Since 2014 AMD has been following the tradition of releasing new performance and usability features in their December driver, and 2016 was no exception. Among the myriad of new features and enhancements, was also one that passed almost unnoticed, called Radeon Chill.
Stemming from AMD's acquisition of HiAlgo earlier in 2016, it offers the possibility of huge power and thermal savings while gaming, by monitoring screen movement and adjusting the frame rate accordingly. There is even the claim that it could also reduce response times since the GPU is not occupied with rendering as often.
Its only issue: it's not global, and it's based on a white list of applications to function. But fear not, for we are here. Using a trick as old as operating systems themselves, you can try to make it work with every title. Let's see how to do that.
Step One: Activate Radeon Chill.Doing that is fairly easy. Right click on your desktop and select "Radeon Settings":
|AMD Radeon Settings should be right on your desktop.|
Then navigate to Gaming -> Global Settings -> Global Overdrive. Accept the terms of the EULA, if you haven't already, and scroll to the bottom of the window where the Chill option and its setting reside. Enable the toggle, check the shortcut, and don't forget to press "Apply" on the top of the window for the change to take place.
Chill is activated from the toggle in the bottom of the Global Overdrive page. You can also change its shortcut from here.
After you activate it, comes the tricky part.
Step Two: Rename your game's Executable.
Since it's based on a white list, whatever game you want to use it with needs to be in your games list in the "Games" tab. In our case I tested it with Metal Gear V: The Phantom Pain. The .exe of the game is mgsvtpp.exe. I kept a copy of it which I renamed to FCPrimal.exe, which is Far Cry Primal's executable, a title that already supports Chill.
Step Three: Add it to Crimson Control Panel as a game profile.Do add the game there you just use the "Add" button in the Gaming tab of Crimson, there you navigate into the folder of the game you want added (Metal Gear V, in our case) and you select the renamed executable. The driver will recognize it as the fake one (in our case the profile has the Metal Gear V icon, but the Far Cry Primal name), and you can adjust the range of the motion-based frame rate you desire like so:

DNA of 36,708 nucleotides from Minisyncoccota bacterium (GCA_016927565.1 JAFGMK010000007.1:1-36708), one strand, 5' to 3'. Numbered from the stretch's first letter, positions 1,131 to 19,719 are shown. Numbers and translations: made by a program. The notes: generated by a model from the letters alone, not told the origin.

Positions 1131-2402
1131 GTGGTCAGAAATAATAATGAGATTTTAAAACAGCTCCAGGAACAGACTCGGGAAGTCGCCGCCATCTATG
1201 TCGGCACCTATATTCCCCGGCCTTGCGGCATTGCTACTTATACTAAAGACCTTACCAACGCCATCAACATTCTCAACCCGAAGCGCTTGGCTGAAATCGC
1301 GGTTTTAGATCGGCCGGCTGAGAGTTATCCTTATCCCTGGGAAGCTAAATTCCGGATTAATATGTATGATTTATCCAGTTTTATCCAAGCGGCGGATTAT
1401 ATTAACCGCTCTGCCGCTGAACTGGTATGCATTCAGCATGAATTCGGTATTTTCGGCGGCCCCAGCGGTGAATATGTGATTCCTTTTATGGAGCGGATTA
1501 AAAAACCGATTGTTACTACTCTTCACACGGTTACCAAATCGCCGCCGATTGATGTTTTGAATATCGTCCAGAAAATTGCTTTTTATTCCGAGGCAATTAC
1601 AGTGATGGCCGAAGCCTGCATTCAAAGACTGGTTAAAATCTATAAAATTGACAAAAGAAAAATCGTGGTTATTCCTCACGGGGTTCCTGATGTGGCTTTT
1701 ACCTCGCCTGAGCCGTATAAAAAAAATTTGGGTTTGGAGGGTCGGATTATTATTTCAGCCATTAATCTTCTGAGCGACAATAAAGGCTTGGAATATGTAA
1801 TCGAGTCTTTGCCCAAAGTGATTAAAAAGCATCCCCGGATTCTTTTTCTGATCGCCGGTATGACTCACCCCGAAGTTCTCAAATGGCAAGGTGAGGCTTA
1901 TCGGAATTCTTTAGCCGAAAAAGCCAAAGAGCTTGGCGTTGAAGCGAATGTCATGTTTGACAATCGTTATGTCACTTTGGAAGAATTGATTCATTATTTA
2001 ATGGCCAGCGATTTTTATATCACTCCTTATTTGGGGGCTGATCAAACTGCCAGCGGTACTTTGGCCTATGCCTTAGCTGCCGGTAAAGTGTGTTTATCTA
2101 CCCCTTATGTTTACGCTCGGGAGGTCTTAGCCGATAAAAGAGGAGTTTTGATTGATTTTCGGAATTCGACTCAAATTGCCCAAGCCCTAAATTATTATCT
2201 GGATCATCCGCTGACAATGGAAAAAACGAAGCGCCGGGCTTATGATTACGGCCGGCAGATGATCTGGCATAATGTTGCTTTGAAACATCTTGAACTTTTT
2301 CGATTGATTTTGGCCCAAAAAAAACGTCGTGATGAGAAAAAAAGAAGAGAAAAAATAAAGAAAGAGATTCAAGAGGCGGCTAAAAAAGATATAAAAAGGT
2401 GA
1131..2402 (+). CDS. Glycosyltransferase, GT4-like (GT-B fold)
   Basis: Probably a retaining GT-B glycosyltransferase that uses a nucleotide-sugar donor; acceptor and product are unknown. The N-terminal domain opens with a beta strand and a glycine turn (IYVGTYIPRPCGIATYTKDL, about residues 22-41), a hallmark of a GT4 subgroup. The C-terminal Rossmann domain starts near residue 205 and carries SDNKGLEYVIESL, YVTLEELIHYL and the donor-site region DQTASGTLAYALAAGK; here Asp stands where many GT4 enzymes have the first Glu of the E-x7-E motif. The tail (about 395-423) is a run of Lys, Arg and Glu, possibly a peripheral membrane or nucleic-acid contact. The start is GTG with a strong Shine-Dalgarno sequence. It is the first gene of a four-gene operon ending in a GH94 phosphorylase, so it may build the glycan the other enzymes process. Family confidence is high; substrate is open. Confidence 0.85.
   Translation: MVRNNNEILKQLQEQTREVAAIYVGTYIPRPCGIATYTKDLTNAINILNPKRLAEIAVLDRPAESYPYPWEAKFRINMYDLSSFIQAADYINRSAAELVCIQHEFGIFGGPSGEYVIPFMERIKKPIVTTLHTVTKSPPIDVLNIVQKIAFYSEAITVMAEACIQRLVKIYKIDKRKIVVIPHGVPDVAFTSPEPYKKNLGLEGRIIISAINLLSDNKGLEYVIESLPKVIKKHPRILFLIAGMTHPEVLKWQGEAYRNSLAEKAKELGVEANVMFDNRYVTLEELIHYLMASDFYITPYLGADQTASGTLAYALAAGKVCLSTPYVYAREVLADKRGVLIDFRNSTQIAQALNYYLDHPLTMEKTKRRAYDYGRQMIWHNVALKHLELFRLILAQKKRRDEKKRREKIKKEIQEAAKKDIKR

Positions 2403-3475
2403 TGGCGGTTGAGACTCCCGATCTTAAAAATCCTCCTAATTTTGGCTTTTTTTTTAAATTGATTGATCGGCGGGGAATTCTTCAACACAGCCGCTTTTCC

|I already had Far Cry Primal installed, and I had two profiles with the same name. The driver seems to recognize them fine despite that.|
If one game executable doesn't seem to be doing the job with the title you care about, you can always try some of the ones in the white list.
So, in short: Find the game you want to use chill with, keep a copy of its .exe and rename it to one of the executables in the supported list, add it to the Crimson control panel and test.
For your own experimentation and convenience, we have accompanied AMD's white list with the executable names of the games themselves so you don't have to look around for them and testing is as easy as possible. Share your tests with us!
|Game Title Whitelist||API||Executable Name|
|1||Team Fortress 2||DX9||hl2.exe|
|3||Counter Strike Global Offensive||DX9||csgo.exe|
|7||Far Cry Primal||DX11||FCPrimal.exe|
|8||Deus Ex: Mankind Divided||DX11||DXMD.exe|
|9||Warframe||DX11||Warframe.exe / Warframe.x64.exe|
|10||Dark Souls III||DX11||DarkSoulsIII.exe|
|11||The Witcher 3||DX11||witcher3.exe|
|12||Far Cry 4||DX11||FarCry4.exe|
|13||PlanetSide 2||DX9||Planetside2.exe / Planetside2_x64.exe|
|14||World of Warcraft||DX9/DX11||Wow.exe / Wow-x64.exe|
|15||Rise of the Tomb Raider||DX11||ROTTR.exe|
|16||Tomb Raider (2013)||DX9/DX11||TombRaider.exe|
|17||The Elder Scrolls V: Skyrim||DX9||TESV.exe|